Oh dear, sorry about the gratuitous title, but there may be some readers who will find the image shocking or upsetting. I’m certainly not sharing this to shock or arouse. It’s just that it helps me to tell a most interesting story.
Last Wednesday was Imbolc – February 1st: the celebration of the first stirrings of the Celtic year. Such events are taken seriously here in Glastonbury, and I’ve always thought it a lovely festival, with the promise of renewal and springtime to come. Be that as it may, on this particular Imbolc, I wasn’t feeling at my best. There was a keen wind, the usual grey cloud cover and I’d been to the doctors (something I only do when absolutely necessary – about once every 3-4 years, on average) as I needed medication to clear up a persistent infection.
As the sun was getting low in the sky, I started the ten minute walk home from the town centre to my cottage, which is on a busy road leading towards the famed Glastonbury Tor. Although I’d stopped to admire a garden full of snowdrops, I couldn’t claim to have been celebrating Imbolc in any sense. One of my fellow pedestrians, however, had chosen her own unique way to do so. I heard the light slap of feet on the pavement behind me (feet, mark you, not shoes) and was overtaken by a completely naked woman, jogging lightly towards the Tor (or maybe Chalice Well or the White Spring – they’re all clustered together). She appeared calm, intent and focused, not in any distress and quite comfortable with her condition.
My first thought was how cold she must be; I was huddled in my padded waterproof. My second was how easy, comfortable and confident she must feel in her body, to allow the world to see her that way. My third thought, I have to confess, was that this incident would make a most interesting remote viewing subject for Will.
Consequently, the following Sunday, I suggested he tune into the street outside my house (which he has never visited) at 4.15 on the previous Wednesday, to see if he could locate something incongruous and unexpected. This was his response:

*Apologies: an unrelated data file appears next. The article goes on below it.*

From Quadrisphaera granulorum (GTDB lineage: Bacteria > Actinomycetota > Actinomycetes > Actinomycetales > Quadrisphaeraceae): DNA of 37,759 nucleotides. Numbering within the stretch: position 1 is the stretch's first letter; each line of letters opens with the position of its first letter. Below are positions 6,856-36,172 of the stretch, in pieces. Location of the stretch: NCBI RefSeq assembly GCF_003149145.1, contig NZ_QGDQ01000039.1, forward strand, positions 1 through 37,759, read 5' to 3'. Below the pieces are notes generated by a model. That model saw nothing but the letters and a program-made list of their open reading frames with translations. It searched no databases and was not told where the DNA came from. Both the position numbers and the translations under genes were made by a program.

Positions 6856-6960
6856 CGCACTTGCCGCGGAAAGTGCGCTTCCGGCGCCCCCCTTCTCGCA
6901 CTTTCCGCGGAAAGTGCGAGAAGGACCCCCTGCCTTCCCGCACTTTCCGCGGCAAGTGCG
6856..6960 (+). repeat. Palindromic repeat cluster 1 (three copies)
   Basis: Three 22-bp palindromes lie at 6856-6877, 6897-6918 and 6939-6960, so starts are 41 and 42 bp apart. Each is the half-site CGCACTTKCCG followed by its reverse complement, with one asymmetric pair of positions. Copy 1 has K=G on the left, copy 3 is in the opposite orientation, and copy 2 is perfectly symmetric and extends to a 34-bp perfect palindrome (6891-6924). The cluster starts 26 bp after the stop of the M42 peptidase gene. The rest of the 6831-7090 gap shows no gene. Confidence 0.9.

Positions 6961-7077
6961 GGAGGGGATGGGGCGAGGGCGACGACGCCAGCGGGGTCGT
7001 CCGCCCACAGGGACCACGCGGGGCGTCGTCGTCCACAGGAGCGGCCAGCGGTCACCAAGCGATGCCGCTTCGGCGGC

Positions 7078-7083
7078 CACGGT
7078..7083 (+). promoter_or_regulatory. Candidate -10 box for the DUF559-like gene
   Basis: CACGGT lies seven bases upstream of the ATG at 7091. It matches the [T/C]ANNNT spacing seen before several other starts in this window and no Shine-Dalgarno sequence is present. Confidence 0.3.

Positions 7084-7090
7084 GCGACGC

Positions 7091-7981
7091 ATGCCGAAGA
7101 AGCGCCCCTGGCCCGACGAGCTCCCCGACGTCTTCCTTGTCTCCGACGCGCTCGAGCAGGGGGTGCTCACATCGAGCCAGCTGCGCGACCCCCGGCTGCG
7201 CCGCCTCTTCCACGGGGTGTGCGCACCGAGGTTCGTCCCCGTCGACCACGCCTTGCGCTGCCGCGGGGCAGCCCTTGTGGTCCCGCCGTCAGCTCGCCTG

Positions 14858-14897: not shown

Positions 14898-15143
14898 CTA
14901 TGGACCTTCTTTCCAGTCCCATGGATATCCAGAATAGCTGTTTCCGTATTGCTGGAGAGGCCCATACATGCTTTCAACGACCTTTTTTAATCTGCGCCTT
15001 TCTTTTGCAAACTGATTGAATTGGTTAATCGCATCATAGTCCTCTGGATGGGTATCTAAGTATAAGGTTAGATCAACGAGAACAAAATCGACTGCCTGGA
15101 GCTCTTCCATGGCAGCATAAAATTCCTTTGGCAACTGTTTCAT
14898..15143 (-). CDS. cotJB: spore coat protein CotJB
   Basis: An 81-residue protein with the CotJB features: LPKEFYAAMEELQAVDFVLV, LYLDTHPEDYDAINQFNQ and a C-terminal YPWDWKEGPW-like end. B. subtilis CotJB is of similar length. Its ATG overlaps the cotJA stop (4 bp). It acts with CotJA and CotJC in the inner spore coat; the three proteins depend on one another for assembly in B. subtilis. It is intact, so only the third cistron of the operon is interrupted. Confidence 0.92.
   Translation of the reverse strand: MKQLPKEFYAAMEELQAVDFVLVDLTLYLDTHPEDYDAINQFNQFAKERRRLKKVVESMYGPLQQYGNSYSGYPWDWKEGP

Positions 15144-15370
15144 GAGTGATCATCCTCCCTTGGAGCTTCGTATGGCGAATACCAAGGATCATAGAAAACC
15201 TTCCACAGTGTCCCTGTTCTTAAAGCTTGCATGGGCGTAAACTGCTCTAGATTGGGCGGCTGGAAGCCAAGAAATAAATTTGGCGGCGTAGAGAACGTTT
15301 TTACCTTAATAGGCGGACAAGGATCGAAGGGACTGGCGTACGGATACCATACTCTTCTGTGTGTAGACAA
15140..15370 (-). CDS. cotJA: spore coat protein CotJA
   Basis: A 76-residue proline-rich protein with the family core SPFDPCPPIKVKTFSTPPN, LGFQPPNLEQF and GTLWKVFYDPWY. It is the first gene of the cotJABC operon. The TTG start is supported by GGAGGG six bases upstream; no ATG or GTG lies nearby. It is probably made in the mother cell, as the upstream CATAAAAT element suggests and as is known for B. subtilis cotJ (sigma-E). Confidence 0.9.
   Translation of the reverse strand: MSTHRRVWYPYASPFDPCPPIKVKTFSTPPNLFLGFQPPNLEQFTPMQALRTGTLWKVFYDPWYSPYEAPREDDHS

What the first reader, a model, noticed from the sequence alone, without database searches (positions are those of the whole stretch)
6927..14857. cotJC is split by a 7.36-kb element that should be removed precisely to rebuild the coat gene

Got strong feeling of a large animal like an elephant or hippo, a large flat high visibility reflective-like board or screen. Generally a lot of bright colours across the scene. Weaker feelings of a lot of brightly coloured balls moving around.
Well the large wild animal made me laugh, obviously. As you’ll see from the video below, the poor lady was by no means hippo-like! On the other hand we are very rarely exposed to so much bare skin outdoors – especially in an English February – and there was something of the wild animal about her, but not one with fur (and as Will pointed out, the wild animals you would expect to see are far smaller than humans, which could be why his mind gave him a large animal). As chance would have it, someone had taken this video of her walking past my house in the other direction, earlier in the day and posted it on You Tube, so I was able to show Will what he saw.
But the bright lights and coloured balls?? That had me foxed completely…. until later in the day, when I was mentally replaying my journey home from town in my mind.
Suddenly it came to me. Moments before my encounter with the lady, an ambulance had gone screeching past – a riot of bright colours and high-vis yellow, momentarily lighting up the grey day. Its signal lights flashed on and off – balls of light appearing and disappearing. To William, viewing the scene remotely some days later, the image of the vehicle would have moved across the scene so fast it would have appeared like a screen flashing past.
When I shared that information with him, Will commented:
Yes that fits well. I only saw it from the side but did wonder if it was an ambulance. Not usually very good at identifying specific objects unless they’re something that can be expected, due to the scene.
For me – and I hope for you – it was a fascinating insight into how visions are interpreted by the mind.